Tau Pan

Tau Pan Camp, March 2022

Two female lions from the Tau Pan pride killed a Brown hyena in an extraordinarily rare sighting this month!

Tau Pan Summer Season

After hearing the distinct distress call from the waterhole in front of the camp, guides quickly drove to the area to find the lions killing the hyena. During the rainy season, the remains of lion, leopard and cheetah kills become a significant food source for this forager, which is likely what led to this fatal conflict.

Kwando Safaris guide Vasco noted that plants have started losing their flowers and that Kalahari Sand Quick grass was dominant across the pans and valleys, along with Eight-day grass. Both are highly favoured by herbivores for the high nutrient levels, and it has held plenty of plains game somewhat captive. Concentrations of Oryx, wildebeest and Springboks were commonly seen in these rich areas. The herbivores have also been licking the clay soils to obtain the calcium, potassium, and phosphorus required to best strengthen their bodies. This phenomenon of soil-eating is known as geophagia.

To the south of Tau Pan, we found a very shy male cheetah (perhaps due to all lion activity listed below) and enjoyed encounters with a very relaxed leopard. It was located along Aardvark road, resting upon the Camelthorn tree, and we spent beautiful quality time watching the animal go about its day.

Our resident lion pride hung around the Tau Pan area the whole month. The pride consists of two mothers with their six cubs plus five males, who come and go as they please in groups of two or three. They frequently came down to the camp water hole for a thirst-quenching drink after their numerous kills and all seemed in excellent condition. We found the pride on a fresh Oryx kill one day, and after just four to five hours, everything was gone. The cubs played around with the skull and the hooves, and our guests took some fantastic pictures. A few days later, we found three of the males finishing off a wildebeest, which was killed by the females.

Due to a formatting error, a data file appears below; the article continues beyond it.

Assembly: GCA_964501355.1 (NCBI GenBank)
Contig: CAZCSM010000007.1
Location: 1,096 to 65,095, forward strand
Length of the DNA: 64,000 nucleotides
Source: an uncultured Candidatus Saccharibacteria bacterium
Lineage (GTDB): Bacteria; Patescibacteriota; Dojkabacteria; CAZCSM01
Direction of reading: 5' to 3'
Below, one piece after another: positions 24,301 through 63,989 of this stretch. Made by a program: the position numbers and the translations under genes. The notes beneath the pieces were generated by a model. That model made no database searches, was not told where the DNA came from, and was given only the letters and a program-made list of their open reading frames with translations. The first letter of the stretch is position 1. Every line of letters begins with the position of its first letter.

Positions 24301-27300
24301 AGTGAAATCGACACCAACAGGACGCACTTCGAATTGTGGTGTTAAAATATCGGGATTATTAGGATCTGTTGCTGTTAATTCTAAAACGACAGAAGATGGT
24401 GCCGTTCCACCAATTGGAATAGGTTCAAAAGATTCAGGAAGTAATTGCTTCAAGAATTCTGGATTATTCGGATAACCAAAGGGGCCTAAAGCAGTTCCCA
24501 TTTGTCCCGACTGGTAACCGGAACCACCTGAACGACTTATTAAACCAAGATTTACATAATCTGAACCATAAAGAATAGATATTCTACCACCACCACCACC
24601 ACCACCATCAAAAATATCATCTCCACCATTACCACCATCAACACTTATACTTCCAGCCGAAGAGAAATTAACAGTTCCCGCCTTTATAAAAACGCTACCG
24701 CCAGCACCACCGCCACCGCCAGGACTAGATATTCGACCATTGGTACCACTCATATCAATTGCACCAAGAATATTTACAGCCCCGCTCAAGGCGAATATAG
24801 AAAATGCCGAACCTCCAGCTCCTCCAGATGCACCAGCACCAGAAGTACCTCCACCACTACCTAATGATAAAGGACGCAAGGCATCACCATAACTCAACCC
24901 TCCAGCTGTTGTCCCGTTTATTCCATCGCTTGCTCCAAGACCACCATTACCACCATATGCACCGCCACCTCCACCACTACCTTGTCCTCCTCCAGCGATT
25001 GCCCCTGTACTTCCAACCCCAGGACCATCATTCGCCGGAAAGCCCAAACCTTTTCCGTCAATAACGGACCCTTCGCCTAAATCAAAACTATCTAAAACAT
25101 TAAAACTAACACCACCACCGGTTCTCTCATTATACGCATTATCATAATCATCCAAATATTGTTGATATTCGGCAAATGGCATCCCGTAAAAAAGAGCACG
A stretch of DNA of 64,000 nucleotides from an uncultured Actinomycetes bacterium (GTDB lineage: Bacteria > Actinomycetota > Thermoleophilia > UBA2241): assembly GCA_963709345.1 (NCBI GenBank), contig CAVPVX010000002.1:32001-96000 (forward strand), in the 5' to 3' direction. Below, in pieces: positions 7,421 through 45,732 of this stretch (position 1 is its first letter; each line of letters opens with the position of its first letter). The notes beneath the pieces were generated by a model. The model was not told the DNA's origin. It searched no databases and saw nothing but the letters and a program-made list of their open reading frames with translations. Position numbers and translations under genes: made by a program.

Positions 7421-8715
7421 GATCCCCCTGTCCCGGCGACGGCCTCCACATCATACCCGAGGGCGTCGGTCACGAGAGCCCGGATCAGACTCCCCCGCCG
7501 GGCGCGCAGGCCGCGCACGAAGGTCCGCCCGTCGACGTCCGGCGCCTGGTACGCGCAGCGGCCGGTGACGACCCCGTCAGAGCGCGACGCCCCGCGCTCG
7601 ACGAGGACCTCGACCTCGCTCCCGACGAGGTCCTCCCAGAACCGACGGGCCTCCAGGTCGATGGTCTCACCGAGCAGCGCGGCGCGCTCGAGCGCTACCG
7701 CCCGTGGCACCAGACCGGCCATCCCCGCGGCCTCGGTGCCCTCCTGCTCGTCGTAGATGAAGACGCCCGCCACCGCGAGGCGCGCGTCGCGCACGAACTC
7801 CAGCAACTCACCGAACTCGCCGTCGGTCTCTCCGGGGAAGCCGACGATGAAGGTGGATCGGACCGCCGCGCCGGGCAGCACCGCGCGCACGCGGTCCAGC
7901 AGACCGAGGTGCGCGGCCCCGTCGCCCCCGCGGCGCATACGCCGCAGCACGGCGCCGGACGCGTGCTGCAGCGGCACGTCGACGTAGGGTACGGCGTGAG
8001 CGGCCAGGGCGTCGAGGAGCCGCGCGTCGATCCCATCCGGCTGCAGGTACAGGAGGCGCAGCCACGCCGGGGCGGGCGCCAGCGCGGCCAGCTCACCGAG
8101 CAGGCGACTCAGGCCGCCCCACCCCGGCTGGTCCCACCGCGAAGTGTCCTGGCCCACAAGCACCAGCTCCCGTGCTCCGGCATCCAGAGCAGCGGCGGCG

During one early morning drive, the three males gathered at the camp water hole roaring with the dawn in an incredible spectacle. The two females with their six cubs joined in, creating beautiful photographs as they were all lined up, showing their reflection in the water. They then moved south of the water hole, where they all spent the rest of the hot day in the welcome shade of a Kalahari apple-leaf tree.

After following a flock of vultures to an Umbrella thorn tree, we located two females from the Airstrip pride that made a kill of a kudu.  

What do whydahs and waxbills have in common?

Monotonous larks have arrived, and we saw a few over at the airstrip. In many regions, they come after the heaviest summer rains. Wattled starlings have also been logged (though we have yet to find their breeding site in our area), along with Northern black korhaans, Red-backed shrikes, Crimson-breasted shrikes, Violet-eared waxbills, and the Shaft tailed whydahs. The latter two birds have an interesting relationship. This whydah is a brood parasite, and the female lays her eggs in the nest of the pretty Violet-eared waxbill. The wily Shaft-tailed whydah will often mimic the violet-eared waxbill’s call when singing or calling.

Plenty of Common buzzards were seen during game drives to Deception Valley. These raptors enjoyed plenty of leftovers from the carnivores and an abundant insect pantry thanks to all the rain. We often found them chasing beetles, termites, frogs, and earthworms on the ground. Tawny eagle, Black-chested eagle, Brown snake eagle and Bateleur eagle were common in the area, but our best raptor sighting had to be two goshawks fighting for the meal. A Gabar goshawk and a Southern pale chanting goshawk locked talons, but the latter ultimately emerged as the victor.

(Note: The leopard in the Camelthorn tree was taken by sound recordist and wildlife photographer Derek Solomon during his summer safari. Other accompanying pictures are from our Kwando Photo Library which consists of all your great photo submissions over the years, it may not be the most up to date, but we felt it was worthy of a feature alongside this month’s Sightings Report!)

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